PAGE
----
Minister for Agriculture apologises for drink-driving ban
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Minister for Agriculture apologises for drink-driving ban

FIANNA FÁIL TD Barry Cowen has apologised in the Dáil for a drink-driving ban he received in 2016 which has recently come to light.

Barry Cowen, the newly appointed Minister for Agriculture and the Marine, received a three-month driving ban in 2016 when he was caught driving under the influence after attending the All-Ireland football final.

He was driving on a provisional license at the time.

Mr Cowen yesterday issued an apology in the Dáil, where he said he was "profoundly sorry" for his "stupid, stupid mistake".

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The arrest and driving ban came to light last Friday (Dáil Eireann)

""My decision in September 2016 to drive home after consuming any alcohol was a stupid, stupid mistake," he said.

"It never happened before 18 September 2016 and it has never happened since."

He claimed he had two drinks and a light meal before driving to drop a friend home but accepted his decision showed "a serious lack and lapse of judgement".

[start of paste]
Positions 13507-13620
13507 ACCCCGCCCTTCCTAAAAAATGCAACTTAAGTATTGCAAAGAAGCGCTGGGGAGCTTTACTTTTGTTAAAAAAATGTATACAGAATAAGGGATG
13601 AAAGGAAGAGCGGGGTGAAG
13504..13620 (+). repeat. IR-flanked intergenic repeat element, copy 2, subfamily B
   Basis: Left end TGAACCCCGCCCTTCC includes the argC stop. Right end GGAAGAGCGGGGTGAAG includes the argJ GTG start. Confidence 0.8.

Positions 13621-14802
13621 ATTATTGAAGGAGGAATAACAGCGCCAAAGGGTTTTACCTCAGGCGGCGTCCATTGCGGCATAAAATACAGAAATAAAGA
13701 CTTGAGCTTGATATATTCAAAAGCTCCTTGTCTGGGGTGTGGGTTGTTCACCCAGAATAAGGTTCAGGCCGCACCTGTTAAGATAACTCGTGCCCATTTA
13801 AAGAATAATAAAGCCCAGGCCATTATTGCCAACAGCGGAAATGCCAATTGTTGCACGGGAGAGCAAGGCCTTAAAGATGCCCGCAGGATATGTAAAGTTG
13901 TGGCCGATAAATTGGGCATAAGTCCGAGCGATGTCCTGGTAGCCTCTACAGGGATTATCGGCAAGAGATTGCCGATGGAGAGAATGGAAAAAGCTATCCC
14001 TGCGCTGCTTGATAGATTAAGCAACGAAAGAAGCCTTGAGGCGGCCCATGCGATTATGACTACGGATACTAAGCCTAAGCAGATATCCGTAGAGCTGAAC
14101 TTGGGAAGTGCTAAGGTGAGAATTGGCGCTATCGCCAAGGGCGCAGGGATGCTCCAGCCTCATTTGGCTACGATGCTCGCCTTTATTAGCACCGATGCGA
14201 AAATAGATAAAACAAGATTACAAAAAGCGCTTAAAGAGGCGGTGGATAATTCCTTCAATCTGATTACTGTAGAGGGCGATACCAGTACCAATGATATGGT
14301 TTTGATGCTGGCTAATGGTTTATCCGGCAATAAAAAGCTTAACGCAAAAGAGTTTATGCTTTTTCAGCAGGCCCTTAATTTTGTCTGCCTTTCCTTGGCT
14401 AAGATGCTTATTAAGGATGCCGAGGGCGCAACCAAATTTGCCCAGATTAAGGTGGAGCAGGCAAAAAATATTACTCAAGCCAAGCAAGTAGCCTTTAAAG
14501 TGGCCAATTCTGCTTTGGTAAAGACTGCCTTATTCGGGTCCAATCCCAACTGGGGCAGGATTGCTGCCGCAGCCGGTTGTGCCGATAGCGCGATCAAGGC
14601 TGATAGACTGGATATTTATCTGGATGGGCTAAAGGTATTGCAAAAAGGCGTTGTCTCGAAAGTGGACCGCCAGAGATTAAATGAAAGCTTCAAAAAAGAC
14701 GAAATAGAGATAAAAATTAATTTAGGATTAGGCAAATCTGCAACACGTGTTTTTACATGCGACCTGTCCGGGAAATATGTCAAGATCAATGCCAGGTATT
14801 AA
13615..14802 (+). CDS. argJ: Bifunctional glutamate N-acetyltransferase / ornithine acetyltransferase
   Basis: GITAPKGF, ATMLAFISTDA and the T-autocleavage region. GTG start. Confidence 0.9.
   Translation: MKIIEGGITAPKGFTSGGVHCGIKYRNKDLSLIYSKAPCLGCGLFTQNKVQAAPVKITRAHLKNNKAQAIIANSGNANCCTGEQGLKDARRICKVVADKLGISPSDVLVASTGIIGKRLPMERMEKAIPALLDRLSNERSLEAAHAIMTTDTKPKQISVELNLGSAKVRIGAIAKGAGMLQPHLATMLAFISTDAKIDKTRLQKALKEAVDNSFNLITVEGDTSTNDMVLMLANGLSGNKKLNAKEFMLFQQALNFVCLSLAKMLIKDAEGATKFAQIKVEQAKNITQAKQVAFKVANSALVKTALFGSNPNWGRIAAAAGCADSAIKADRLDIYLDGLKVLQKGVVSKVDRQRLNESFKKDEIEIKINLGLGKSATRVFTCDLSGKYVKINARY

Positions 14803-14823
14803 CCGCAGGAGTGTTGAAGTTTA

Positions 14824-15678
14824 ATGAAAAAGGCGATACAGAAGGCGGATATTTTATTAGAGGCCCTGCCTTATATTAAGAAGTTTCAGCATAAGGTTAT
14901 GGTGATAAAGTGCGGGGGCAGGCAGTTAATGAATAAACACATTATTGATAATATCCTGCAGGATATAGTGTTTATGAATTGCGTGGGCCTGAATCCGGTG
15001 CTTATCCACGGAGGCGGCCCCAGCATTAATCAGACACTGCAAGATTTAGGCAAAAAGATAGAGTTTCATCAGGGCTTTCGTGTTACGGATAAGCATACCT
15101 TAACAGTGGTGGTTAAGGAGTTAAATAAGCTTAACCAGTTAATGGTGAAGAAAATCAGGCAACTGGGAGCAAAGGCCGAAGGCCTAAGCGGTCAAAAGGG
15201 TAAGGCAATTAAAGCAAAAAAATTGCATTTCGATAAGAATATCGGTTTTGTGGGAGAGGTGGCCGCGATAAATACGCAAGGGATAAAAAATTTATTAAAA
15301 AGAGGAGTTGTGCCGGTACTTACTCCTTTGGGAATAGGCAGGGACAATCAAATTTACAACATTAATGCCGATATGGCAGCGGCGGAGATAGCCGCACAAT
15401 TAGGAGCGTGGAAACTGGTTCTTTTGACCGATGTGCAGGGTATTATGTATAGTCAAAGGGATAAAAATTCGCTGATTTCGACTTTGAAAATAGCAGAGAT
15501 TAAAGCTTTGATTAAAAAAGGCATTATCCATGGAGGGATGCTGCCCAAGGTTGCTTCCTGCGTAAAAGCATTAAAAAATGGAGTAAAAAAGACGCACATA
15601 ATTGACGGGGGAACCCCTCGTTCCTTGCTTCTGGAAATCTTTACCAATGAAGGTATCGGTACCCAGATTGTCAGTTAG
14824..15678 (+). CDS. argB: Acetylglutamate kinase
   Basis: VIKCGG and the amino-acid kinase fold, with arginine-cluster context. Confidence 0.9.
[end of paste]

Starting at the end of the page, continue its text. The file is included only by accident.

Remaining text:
"It was a mistake for which I am profoundly sorry.  The emergence of this issue into the public domain has put an intense spotlight on me, and on the shame-- more importantly--the shame of drink driving.

"The criticism that I have attracted for such a serious lack and lapse of judgement is fully deserved. This grave error [and] my subsequent humiliation, will hopefully serve to highlight the terrible dangers and consequences of drink driving."

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The Agriculture Minister went on to apologise to the Taoiseach, Fianna Fáil leader Micheál Martin, as well as the wider government, his family and friends, and said he had spoken to and apologised to a number of road safety advocacy groups.

The Taoiseach said that "no politician is above the law" but said the Minister had received and served his punishment four years ago.

He had previously said he was "disappointed" to only learn about Mr Cowen's transgression on Friday last.

Mr Cowen, speaking over the weekend, had said he wasn't trying to keep the incident a secret, and said he hopes he could be an example to anyone who was thinking about driving under the influence.

"If somebody is thinking of doing what I did ... they might think twice before doing it,” he told RTÉ's This Week In Politics. “I could say I was fortunate in that there nobody hurt, injured, maimed or killed-- thankfully.

"That’s not to say it would be the case in any other instance of a similar nature.”

Speaking yesterday in the Dáil, Ceann Comhairle Sean Ó Fearghail said Minister Cowen had asked for time to explain and apologise for his actions, and said there would be no questions put to him after his apology.

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"That has been chosen by Deputy Cowen," Ó Fearghail said, "it is accepted by me and that is the end of that matter.”